With Windows 11, Microsoft is shifting servicing gears yet again. But this time, in a way that IT will likely find much more palatable.
Microsoft is moving to a single annual update per year for Windows 11. The Home and Pro editions will get 24 months of support. Enterprise and Education will get 36 months of support.
Microsoft will continue to make available regular cumulative updates with patches and fixes throughout the year for all Windows 11 users. Feature updates will continue to be delivered as they are now via Windows Update. Microsoft officials said today that updates will be 40 percent smaller and happen in the background.
Microsoft officials shared the good news on June 24, the day the company unveiled Windows 11.
Other news of IT Pro interest shared (and not shared) today:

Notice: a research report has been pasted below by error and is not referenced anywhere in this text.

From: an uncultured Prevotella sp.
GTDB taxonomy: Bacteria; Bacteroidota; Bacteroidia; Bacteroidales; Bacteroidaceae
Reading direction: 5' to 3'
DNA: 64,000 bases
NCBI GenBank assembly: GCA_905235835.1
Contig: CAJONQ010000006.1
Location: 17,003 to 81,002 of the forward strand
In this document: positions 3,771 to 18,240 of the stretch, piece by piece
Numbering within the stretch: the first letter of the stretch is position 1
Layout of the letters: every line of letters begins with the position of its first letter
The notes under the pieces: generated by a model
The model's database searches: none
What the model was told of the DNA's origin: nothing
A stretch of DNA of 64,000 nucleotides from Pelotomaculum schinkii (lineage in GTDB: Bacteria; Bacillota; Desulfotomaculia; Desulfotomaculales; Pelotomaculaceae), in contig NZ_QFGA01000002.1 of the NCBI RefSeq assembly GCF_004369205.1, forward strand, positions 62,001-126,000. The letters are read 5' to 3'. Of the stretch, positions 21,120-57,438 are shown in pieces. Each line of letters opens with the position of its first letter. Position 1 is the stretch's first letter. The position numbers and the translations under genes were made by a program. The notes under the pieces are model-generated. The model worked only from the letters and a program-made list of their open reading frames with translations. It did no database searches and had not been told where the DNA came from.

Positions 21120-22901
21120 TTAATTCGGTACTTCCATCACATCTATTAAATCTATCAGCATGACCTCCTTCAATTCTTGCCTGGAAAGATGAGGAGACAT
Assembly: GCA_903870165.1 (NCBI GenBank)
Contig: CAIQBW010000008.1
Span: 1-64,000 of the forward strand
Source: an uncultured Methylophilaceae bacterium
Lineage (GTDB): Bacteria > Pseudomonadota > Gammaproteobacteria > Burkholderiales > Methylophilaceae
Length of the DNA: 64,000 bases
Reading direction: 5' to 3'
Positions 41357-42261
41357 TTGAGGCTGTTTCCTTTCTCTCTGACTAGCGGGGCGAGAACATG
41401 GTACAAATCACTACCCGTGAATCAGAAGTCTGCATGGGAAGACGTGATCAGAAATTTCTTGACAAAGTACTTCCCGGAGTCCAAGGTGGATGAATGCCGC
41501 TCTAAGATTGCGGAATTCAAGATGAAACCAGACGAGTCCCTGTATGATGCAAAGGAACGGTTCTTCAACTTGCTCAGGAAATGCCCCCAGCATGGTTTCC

- Microsoft officials declined to say whether Windows 10 21H2, due this fall, will be the last version of Windows 10. They did reconfirm that Windows 10 will be supported until October 2025, which they first said six years ago. (October 14 is the actual day when support ends.) Officials are not saying yet whether they will offer paid Extended Security Updates (ESUs), like they did with Windows 7, for customers who want and need to stay on Windows 10 for a finite period of time after support ends.
- Windows 11 will be a free upgrade from Windows 10. Users who opt to upgrade will get the same version of Windows they are currently using, meaning a Pro user will upgrade to Pro. Also, S Mode, is going away, at least for Enterprise and Education. (Microsoft officials are saying the improved baseline security in the OS itself obviates the need for S Mode.) Users will have 10 days to decide whether they like Windows 11; if not, they can roll back.
- Business users will be able to upgrade to Windows 10 at their own pace. Microsoft won’t force them immediately onto Windows 11. They have until October 2025 to decide whether they want to move to 11. (If they’re running Enterprise, they’ll be able to downgrade to Windows 10, as well.)